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Republican presidential candidates on Israel


On the issues

Where are the Republican candidates? Israel

The relationship between the United States and Israel came to the forefront of the presidential campaign when Hamas attacked Israel in October. Republican candidates have all called on the United States to support Israel after the attack, but their long-term policies differ – including their support, or lack thereof, for a two-state solution.

He promised to “fully support” Israel, but he also criticized Israeli leadership.

ISRAEL-HAMAS WAR After Hamas attacked Israel in October, former President Donald J. Trump initially blamed what he described as weakness on President Biden — but, days later, he criticized the Israeli prime minister Benjamin Netanyahu and Israeli intelligence, saying they were unprepared.

Portrait of Ron DeSantis

He is a staunch supporter of Israel and is unsympathetic towards Palestinian residents of Gaza.

ISRAEL-HAMAS WAR After the Hamas attack, Governor Ron DeSantis of Florida said Israel “not only has the right to defend itself against these attacks, but it has the duty to respond with overwhelming force.” He added: “America must stand with Israel. » Like many Republicans, he falsely claimed that President Biden’s policy toward Iran financed the attack.

Portrait of Tim Scott

He did not rule out sending troops to Israel.

ISRAEL-HAMAS WAR Senator Tim Scott of South Carolina describe The Hamas attack in October was called an “assault on Western civilization” and, like many Republicans, he falsely claimed that President Biden “funded” the attacks.

Portrait of Vivek Ramaswamy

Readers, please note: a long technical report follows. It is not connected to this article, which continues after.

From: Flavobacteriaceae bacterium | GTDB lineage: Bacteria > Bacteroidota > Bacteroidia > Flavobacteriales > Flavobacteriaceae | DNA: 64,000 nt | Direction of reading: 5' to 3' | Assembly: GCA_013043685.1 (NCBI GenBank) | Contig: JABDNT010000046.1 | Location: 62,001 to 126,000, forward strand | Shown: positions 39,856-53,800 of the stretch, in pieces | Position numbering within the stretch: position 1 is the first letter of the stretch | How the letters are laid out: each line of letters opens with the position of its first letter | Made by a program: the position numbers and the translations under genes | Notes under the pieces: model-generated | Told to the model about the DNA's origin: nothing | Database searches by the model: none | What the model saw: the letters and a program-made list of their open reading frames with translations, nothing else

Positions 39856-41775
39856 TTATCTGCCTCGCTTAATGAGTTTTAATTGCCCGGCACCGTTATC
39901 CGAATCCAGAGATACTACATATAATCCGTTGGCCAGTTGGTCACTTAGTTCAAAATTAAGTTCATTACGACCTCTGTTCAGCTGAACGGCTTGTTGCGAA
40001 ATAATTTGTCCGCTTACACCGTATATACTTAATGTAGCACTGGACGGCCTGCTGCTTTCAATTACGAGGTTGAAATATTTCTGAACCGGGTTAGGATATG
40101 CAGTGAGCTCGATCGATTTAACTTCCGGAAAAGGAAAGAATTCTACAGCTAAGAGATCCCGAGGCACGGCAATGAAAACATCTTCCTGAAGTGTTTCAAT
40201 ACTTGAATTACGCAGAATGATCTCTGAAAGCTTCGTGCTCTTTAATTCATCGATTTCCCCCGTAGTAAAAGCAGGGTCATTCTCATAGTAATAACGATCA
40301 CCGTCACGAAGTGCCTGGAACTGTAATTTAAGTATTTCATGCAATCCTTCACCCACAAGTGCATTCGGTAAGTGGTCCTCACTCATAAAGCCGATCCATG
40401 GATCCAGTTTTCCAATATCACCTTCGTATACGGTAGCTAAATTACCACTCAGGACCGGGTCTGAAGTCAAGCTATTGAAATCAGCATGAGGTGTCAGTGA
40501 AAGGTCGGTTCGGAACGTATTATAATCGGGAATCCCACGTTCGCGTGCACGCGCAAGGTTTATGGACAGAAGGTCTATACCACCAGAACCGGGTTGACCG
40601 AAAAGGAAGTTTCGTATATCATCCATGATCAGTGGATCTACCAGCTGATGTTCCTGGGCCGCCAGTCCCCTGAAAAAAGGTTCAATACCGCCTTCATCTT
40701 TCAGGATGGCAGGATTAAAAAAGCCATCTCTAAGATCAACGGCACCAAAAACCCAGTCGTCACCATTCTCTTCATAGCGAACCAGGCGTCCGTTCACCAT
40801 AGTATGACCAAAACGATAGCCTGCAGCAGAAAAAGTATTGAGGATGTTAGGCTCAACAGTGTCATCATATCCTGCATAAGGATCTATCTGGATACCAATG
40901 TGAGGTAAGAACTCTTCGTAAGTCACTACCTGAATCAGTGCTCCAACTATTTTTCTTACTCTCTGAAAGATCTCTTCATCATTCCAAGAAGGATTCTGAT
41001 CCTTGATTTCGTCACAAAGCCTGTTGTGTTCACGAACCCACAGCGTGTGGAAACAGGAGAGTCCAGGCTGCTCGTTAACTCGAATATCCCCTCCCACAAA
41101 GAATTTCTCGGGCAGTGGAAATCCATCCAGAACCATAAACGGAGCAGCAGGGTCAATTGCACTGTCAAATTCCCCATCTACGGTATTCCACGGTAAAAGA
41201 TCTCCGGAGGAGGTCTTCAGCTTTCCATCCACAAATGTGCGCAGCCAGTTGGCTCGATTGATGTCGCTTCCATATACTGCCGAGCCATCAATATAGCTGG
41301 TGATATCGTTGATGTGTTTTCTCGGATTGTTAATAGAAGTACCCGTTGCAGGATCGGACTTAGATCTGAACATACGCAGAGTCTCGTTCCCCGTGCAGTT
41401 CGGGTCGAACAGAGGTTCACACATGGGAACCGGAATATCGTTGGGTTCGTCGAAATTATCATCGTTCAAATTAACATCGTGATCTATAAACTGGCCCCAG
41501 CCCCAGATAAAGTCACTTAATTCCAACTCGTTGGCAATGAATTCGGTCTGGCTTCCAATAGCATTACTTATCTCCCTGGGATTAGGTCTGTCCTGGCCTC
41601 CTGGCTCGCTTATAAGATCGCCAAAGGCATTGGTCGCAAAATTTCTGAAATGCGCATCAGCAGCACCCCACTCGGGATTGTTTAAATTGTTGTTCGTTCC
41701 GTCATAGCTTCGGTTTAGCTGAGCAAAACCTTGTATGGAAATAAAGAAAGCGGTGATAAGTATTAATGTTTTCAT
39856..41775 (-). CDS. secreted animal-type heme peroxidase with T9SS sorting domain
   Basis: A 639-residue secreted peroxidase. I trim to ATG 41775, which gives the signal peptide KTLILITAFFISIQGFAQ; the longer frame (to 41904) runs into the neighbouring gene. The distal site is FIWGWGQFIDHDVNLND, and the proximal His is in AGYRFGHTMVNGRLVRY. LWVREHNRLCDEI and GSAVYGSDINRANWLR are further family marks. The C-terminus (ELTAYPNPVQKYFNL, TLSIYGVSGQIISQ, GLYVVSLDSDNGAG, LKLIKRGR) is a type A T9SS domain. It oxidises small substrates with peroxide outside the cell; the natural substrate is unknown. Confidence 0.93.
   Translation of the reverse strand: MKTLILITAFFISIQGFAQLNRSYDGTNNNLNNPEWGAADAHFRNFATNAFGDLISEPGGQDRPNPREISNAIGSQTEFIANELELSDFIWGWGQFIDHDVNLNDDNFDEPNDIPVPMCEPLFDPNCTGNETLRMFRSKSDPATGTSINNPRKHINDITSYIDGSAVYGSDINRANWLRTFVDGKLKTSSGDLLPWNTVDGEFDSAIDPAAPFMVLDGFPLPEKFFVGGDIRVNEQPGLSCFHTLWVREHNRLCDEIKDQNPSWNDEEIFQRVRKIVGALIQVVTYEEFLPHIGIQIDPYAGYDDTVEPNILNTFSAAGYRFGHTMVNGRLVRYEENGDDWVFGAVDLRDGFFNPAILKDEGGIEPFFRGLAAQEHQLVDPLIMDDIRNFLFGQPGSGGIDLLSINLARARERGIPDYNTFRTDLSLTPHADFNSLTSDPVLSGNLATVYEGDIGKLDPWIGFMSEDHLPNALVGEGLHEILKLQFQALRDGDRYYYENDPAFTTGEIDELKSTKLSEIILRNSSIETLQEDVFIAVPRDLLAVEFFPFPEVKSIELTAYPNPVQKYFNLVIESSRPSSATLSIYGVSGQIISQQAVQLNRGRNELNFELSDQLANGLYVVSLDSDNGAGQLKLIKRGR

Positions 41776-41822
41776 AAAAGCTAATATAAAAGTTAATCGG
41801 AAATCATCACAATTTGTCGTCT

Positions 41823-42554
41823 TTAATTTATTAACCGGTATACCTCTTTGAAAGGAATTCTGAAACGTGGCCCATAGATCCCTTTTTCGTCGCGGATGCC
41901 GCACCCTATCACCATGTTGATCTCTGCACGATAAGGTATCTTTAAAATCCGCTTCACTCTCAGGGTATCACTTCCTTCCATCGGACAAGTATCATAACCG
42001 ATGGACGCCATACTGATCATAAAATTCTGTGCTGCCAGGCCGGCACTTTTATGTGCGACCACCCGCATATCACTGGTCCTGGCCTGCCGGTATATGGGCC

It calls for prioritizing U.S. interests and suggests a path forward for phasing out U.S. aid to Israel.

ISRAEL-HAMAS WAR After the Hamas attack in October, Vivek Ramaswamy said the that other Republicans were reacting with “hysteria rather than rationality.” The United States “should provide Israel with diplomatic support, intelligence sharing, and the munitions necessary to defend its own homeland, while taking special precautions to avoid a broader regional war in the Middle East that would not advance the American interests,” he wrote.

Portrait of Nikki Haley

She wants the United States to give Israel “all” the support it needs to respond to Hamas.

ISRAEL-HAMAS WAR “I would say to Israel, no matter what, to not only get their country back, but to eliminate the terrorists, we have to do it,” Nikki Haley said at a campaign event in Iowa after the Hamas attack in October.

Portrait of Mike Pence

He views Israel as the fulfillment of a prophecy and has called other Republicans a failure to support it.

ISRAEL-HAMAS WAR After the Hamas attack in October, former Vice President Mike Pence told CNN, “Israel must have the support of the United States and countries around the world to crush Hamas.”

Portrait of Chris Christie

He called for “whatever it takes” to support Israel.

ISRAEL-HAMAS WAR After the Hamas attack in October, former New Jersey Governor Chris Christie falsely claimed, as many Republicans did, that President Biden “funded” the attack by releasing Iranian money frozen.

Portrait of Asa Hutchinson

He called support for Israel “a fundamental part of American culture” and signed a bill against boycotts.

ISRAEL-HAMAS WAR Former Governor Asa Hutchinson of Arkansas called Hamas’ attack on Israel “symbolizes the times we find ourselves in with weak leadership in the White House.” He added: “We must stand with Israel. We must defend freedom and democracy. We must face evil head on.

Portrait of Doug Burgum

He wants “maximum political and military support” for Israel and has signed a bill against boycotts.

ISRAEL-HAMAS WAR Gov. Doug Burgum of North Dakota said during his campaign in New Hampshire that he would be willing to send U.S. troops to Israel to free the hostages. He called the conflict in Israel a “proxy war” between the United States and Iran and, without evidence, linked the Hamas attack to the Biden administration’s Iran policies.



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